It will be a damn fine day, you said, and so Paul rallied the gear: droopy fishing poles, night crawlers, nickel-shiny lures with foil tails, a Remington 12-gauge rifle with the safety on, all rattling in the rusted truck bed, bouncing (“the suspension’s shot,” you’d told Nana as she signed another check). To hell with the overnight rain turned oil-slick morning mud; you and Paul took the dirt road through the dark, downhill to the good fishing spot. With some blessing from the Holy Ghost, your tires evaded every ditch. You cracked the Millers open at dawn and watched everything rise. You cast a lure for the last time, humming Wayward Son. Sunrise dripping over everything, trout scales shining on the line and the low thrum of your baritone (God, could you sing). This is how Paul tells the story of your last morning on earth.
We all think, is Paul a murderer? “There is something not right about that boy,” Aunt Constance murmurs in coffee breath at the wake, bits of stuffed mushroom under her red-heart fingernails, matching lipstick on her teeth, plastic freezer bags in her Canal Street purse. Dad doesn’t lower his voice as Paul shuffles between memorial photos of you, fidgeting in a formal shirt far too large for him (yours, I think, from Christmas last year). “It was two hours before anybody got to them,” Dad says, “In July! Blood boiling on the rocks. His roommate, some old army buddy, doin’ nothin’, and those Chowan County cops ain’t good for shit. That police report is a fuckin’ mess.”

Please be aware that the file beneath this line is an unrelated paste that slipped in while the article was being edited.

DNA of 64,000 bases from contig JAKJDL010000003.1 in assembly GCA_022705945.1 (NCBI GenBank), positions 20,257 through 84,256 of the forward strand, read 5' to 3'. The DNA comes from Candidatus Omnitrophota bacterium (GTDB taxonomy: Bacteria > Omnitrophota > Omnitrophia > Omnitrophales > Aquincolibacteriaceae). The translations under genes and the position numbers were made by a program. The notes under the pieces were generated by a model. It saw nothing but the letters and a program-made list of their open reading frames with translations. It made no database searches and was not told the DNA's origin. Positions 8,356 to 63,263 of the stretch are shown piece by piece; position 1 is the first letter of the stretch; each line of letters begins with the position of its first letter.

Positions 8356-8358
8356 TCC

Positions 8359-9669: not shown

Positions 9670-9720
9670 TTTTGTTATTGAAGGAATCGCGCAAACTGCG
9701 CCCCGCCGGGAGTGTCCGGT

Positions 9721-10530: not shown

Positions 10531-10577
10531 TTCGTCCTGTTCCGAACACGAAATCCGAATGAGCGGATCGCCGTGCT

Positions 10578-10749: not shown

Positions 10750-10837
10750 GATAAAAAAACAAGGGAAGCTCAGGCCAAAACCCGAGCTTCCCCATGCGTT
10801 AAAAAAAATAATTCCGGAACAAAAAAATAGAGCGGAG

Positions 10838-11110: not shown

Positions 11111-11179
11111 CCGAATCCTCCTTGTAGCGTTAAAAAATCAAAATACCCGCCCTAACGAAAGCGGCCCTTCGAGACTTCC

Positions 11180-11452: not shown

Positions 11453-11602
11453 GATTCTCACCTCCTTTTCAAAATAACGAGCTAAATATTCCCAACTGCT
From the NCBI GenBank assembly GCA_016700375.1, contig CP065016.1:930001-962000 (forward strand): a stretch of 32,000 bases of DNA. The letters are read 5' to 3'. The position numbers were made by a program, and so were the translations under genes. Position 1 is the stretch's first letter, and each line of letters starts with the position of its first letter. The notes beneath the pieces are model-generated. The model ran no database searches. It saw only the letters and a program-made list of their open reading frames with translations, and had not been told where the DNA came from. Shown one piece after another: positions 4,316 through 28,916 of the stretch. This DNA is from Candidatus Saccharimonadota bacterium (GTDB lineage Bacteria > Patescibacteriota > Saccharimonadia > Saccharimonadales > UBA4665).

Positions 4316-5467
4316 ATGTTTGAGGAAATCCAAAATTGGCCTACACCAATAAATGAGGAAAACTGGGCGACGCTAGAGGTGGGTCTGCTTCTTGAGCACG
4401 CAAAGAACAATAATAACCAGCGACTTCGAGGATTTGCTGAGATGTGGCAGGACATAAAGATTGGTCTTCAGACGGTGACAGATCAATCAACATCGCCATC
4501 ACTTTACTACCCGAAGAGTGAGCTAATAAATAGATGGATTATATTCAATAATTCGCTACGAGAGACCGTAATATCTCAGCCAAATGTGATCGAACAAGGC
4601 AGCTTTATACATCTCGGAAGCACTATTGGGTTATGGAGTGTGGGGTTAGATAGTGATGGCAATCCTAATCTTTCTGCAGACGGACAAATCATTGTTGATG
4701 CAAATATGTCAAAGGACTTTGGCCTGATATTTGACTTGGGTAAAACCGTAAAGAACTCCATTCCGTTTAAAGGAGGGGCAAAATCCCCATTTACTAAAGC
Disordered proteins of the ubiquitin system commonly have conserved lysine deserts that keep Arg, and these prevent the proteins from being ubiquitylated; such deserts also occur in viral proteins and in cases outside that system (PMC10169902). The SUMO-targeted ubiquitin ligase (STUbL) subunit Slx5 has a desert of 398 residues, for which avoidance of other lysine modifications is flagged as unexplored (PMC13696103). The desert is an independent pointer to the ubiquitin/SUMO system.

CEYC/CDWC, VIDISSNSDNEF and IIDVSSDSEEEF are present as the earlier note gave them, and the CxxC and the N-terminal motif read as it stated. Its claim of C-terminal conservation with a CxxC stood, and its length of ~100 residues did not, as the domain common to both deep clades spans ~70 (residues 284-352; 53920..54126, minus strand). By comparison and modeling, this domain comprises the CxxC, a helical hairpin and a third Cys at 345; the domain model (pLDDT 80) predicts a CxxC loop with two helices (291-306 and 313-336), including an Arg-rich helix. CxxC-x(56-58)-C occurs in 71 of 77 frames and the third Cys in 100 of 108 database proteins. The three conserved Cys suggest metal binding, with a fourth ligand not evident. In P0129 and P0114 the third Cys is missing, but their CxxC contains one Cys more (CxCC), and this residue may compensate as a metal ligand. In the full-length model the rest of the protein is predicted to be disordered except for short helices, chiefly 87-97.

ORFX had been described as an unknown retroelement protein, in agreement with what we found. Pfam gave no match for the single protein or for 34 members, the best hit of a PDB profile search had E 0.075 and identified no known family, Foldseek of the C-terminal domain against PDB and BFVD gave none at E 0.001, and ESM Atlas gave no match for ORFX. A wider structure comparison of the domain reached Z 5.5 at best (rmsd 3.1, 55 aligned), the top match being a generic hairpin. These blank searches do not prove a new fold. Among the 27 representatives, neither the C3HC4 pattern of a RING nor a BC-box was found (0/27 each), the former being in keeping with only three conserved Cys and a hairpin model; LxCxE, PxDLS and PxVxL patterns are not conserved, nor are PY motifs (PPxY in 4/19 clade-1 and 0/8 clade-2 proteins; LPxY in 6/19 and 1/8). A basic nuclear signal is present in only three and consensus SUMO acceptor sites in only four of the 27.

You were hustling, as Paul puts it, anything for a penny. Paint a house here, rotate some tires there. Odd jobs for odd people—the kind of people you find in Gates that are willing to work with an uninsured veteran. Mostly, you answered Craigslist ads from the mothers, wives, and widows of the deployed, cleaned gutters and mowed lawns separated from their stewards by oceans, countries, and graves. You would never take their money; instead you would accept their offers of coffee and share a story about a buddy, and everyone would feel less alone. You put on The Brave Face. I don’t know these things about you, until Paul tells me.
You and Paul were renting the attic in a barn on a peanut farm, sleeping unsoundly over tillers, waking sharply at the start of their engines each morning before sunrise. “No electricity,” Paul says, “No WiFi. No Netflix. Sometimes we could get cell service if we leaned real far out the window.” Maybe this explains why you never called. “We lit oil lanterns, like it was the 1700s or something, and your brother would sing. The Beatles. The Stones. You know, the classics. There were these old books we found under one of the beds. We would read them sometimes. The Iliad, poetry. He liked the poetry.” Paul says, “Do you want to hear his favorite?”
Paul may have killed you. He has the same tattoo as you, an infantry number and two crossed rifles on his forearm, the American flag waving under the X. He is peeling lead paint off the banister of this sixth-generation funeral home, sucking a vape and blowing smoke to the street. The McDonald’s marquee across the street brags: Billions and Billions Served. “Your brother tried to work at the McDonalds in Gates,” he says, “but he couldn’t make it to work on time when it was trash day. A trash bag on the side of the road in Iraq was, well, you had better start praying if you believe that sort of thing.”
You did not believe in that sort of thing. Do you remember your first communion? Mom loves to tell this story: You walking down the church aisle in a tiny suit and bow tie, looking like a little man, and after the grape juice and wafers and fanfare you pulled on mom’s sleeve and whispered, “What was that all about?” We went through the motions at the only church in town: Episcopal. She was as clueless as any other relapsed Southern Baptist living in the Connecticut suburbs might be. We stopped going for a while, then Christmas and Easter only. At Pop’s funeral, the last time we saw each other, you whispered in my ear: “Ain’t it a comfort, to know that one day we will be forgotten? One day, no one’s going to know who I was, the things I’ve done or the things I haven’t.”